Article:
John E. Lawrence: Well, I'm glad you asked that one. President Larry Whitworth came to me one day. Actually, I was playing at their Mardi Gras, their annual fundraiser. And on the break, he came to me and said, "Johnny, how come we never hired you here full-time?" I said, "I don't know." I really did know. I never went to college. I never went to school for it. You know, you had to have a degree. But anyway, he said, "Come by my office next week, and let's talk about it." He said, "If I can get you in there full-time, would you do it? And I said, "Yeah!" And so, anyway, I met with him, and he said, at that point, the performance art department was kind of--the music part--was kind of suffering. And he said, "We were thinking about letting it go. But before we let it go, we'd like to give you a shot and see what you can do with it." So, he asked me some questions: What would I do differently? But he asked me what did I think was wrong with it? I said, "Well, I think it lost its heart when Morris Lawrence died. You know, people used to be sitting around in the lobby practicing or in classrooms, you know, teaching each other. But all of this is dead now. And it's like walking into a library, you know? It's like you got to whisper. In a music room. I said, "Something's wrong with that picture." So, anyway, I said then I would develop some courses that students need, give them some information that what they need to know in order to make a living in today's world. And so, I developed 22 new courses.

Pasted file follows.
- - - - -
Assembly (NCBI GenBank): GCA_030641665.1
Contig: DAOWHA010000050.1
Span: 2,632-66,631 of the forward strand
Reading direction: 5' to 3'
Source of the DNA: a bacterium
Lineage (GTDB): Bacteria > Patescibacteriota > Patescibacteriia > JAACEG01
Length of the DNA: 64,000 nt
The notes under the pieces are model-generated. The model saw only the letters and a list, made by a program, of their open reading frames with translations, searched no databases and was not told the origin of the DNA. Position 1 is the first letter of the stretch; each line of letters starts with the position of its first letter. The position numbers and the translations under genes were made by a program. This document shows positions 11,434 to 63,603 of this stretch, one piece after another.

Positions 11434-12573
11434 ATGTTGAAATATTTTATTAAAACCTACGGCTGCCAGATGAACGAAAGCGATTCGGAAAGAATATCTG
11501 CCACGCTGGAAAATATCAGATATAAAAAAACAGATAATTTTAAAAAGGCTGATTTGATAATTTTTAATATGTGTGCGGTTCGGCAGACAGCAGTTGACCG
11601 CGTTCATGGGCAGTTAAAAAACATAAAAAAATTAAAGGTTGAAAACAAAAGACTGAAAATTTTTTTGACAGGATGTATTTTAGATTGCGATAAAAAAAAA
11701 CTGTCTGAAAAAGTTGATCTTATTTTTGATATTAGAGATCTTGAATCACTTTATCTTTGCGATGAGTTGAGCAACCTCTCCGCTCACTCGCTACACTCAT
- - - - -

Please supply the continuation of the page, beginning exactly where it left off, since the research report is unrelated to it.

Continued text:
Josh Hakala: Wow! Really?